On March 2, Coca-Cola was a $200 clue on Jeopardy! in the category of Food & Drink Brands. But it wasn’t the brand’s first appearance on the hit TV quiz show; the company has been featured more than 200 times on Jeopardy! throughout its 33-season run.

“We try to present clues that are fresh and interesting, and yet about material familiar and accessible to our audience,” explains Billy Wisse, Jeopardy! head writer. “Coke is part of the fabric of American life in culture, the wartime experience and many other areas. So it’s natural that it would turn up in many Jeopardy! clues about a variety of subjects.”

Coca-Cola clues over the years have run the gamut from pop culture references and classic advertising, to business milestones and leadership.

“Coke is a brand everyone feels part of, so it naturally plays into a game show like Jeopardy! and provides never-ending possibilities for clues,” said retired Coca-Cola Archivist Phil Mooney. “It gives them a lot of room to maneuver.”

Mooney was even featured on the show in the late-‘80s. “They decided to do a category called ‘Thanks, Guys’ acknowledging people like me who’d helped with research,” he recalled. “On a periodic basis, the Jeopardy! team would call us to talk about certain clues and verify facts they planned to use on the show – whether it be about New Coke, Coke in the movies, or the iconic contour bottle.”

The phrasing of the clue was: “Phil Mooney chronicles history for this soft drink company.”

“So you basically had a 50-50 chance of getting it right,” Mooney recalled with a laugh. “I was worth $400 to one contestant! To this day, the fact that I was an answer tile on Jeopardy! makes for a great cocktail party conversation starter.”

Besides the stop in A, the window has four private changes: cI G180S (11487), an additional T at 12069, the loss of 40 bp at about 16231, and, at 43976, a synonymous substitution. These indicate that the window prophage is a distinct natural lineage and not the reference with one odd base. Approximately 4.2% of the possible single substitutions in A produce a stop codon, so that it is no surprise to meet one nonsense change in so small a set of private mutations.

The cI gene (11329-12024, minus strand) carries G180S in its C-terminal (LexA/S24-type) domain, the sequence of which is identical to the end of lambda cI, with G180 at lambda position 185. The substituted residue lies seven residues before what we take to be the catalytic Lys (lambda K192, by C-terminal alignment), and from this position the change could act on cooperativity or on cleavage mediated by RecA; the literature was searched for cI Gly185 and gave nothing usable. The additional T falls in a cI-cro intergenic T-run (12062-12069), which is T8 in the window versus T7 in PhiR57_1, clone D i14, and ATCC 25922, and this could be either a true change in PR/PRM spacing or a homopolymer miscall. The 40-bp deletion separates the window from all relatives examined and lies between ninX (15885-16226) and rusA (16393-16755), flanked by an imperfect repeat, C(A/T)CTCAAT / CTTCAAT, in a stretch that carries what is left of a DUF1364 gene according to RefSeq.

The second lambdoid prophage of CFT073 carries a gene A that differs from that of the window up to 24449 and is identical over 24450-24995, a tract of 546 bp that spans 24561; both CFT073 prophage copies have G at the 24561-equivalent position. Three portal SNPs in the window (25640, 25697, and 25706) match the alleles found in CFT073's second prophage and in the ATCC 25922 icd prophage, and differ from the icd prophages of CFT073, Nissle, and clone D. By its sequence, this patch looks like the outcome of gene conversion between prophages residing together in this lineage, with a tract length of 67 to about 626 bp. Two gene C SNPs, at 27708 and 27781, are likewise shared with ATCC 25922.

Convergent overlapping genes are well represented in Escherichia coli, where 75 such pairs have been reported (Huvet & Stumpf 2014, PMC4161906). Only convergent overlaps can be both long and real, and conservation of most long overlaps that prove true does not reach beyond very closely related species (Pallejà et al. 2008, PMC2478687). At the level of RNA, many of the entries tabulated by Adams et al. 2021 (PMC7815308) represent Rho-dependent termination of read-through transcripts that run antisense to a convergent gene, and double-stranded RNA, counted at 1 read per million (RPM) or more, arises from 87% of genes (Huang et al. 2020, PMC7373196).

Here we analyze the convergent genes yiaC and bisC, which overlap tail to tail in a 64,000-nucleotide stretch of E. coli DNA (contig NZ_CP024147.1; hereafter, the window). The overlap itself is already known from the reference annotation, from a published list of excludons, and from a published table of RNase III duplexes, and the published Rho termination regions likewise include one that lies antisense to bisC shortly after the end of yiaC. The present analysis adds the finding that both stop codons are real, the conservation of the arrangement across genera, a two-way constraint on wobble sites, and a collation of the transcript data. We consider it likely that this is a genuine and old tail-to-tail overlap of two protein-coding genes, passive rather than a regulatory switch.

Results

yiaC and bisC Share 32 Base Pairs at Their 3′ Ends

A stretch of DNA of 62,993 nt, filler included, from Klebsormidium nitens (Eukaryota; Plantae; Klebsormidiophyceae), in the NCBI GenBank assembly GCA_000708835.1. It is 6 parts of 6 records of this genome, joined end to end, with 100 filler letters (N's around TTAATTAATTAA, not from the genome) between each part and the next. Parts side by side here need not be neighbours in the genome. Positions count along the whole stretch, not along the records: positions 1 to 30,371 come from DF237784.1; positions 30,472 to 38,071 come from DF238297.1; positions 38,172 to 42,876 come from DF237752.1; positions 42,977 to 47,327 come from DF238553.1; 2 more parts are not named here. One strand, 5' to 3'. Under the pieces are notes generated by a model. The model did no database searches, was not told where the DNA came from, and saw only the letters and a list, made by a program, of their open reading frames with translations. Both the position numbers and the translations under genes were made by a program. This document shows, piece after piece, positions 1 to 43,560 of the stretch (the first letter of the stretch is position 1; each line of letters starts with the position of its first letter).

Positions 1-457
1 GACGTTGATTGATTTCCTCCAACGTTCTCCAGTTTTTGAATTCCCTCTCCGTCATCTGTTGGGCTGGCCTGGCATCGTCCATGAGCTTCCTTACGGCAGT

For a few years in the ‘80s, Coca-Cola owned Jeopardy! – literally – through its ownership of Columbia Pictures. In 1986, Columbia bought Merv Griffin Enterprises, which produced several top-rated syndicated game shows including Wheel of Fortune and Jeopardy! Before Coca-Cola acquired Columbia Pictures, TV accounted for only one-third of the studio’s operating income. By 1986, it had climbed to 85 percent.

'We try to present clues that are fresh and interesting and yet about material familiar and accessible to our audience. Coke is part of the fabric of American life in culture, the wartime experience and many other areas. So it’s natural that it would turn up in many Jeopardy! clues about a variety of subjects.'

“Television was a very profitable unit for us,” said Peter Sealey, a veteran Coke executive who was tapped to run marketing and distribution for Columbia Pictures. “One year, Wheel of Fortune and Jeopardy! were the second-most profitable sector of The Coca-Cola Company other than brand Coke.”

Movies were less of a sure thing. Of the 20 or so films Columbia released annually during the Coke era, only a handful turned a profit. One notorious big-budget bomb – 1987’s Ishtar – lost more than $40 million. Thankfully for the company, the hits more than covered for less-successful releases.

Thanks to senior leadership’s aversion to the high-profile nature of the entertainment business, the company sold Columbia Pictures to Sony in 1989. The deal – which netted Coke more than $500 million in profit – was fueled by senior leadership’s back-to-basics vision for the enterprise.

“The Hollywood model was so different from what we were used to,” Mooney said. “It was a much riskier business and, as time went on, the company became more risk adverse."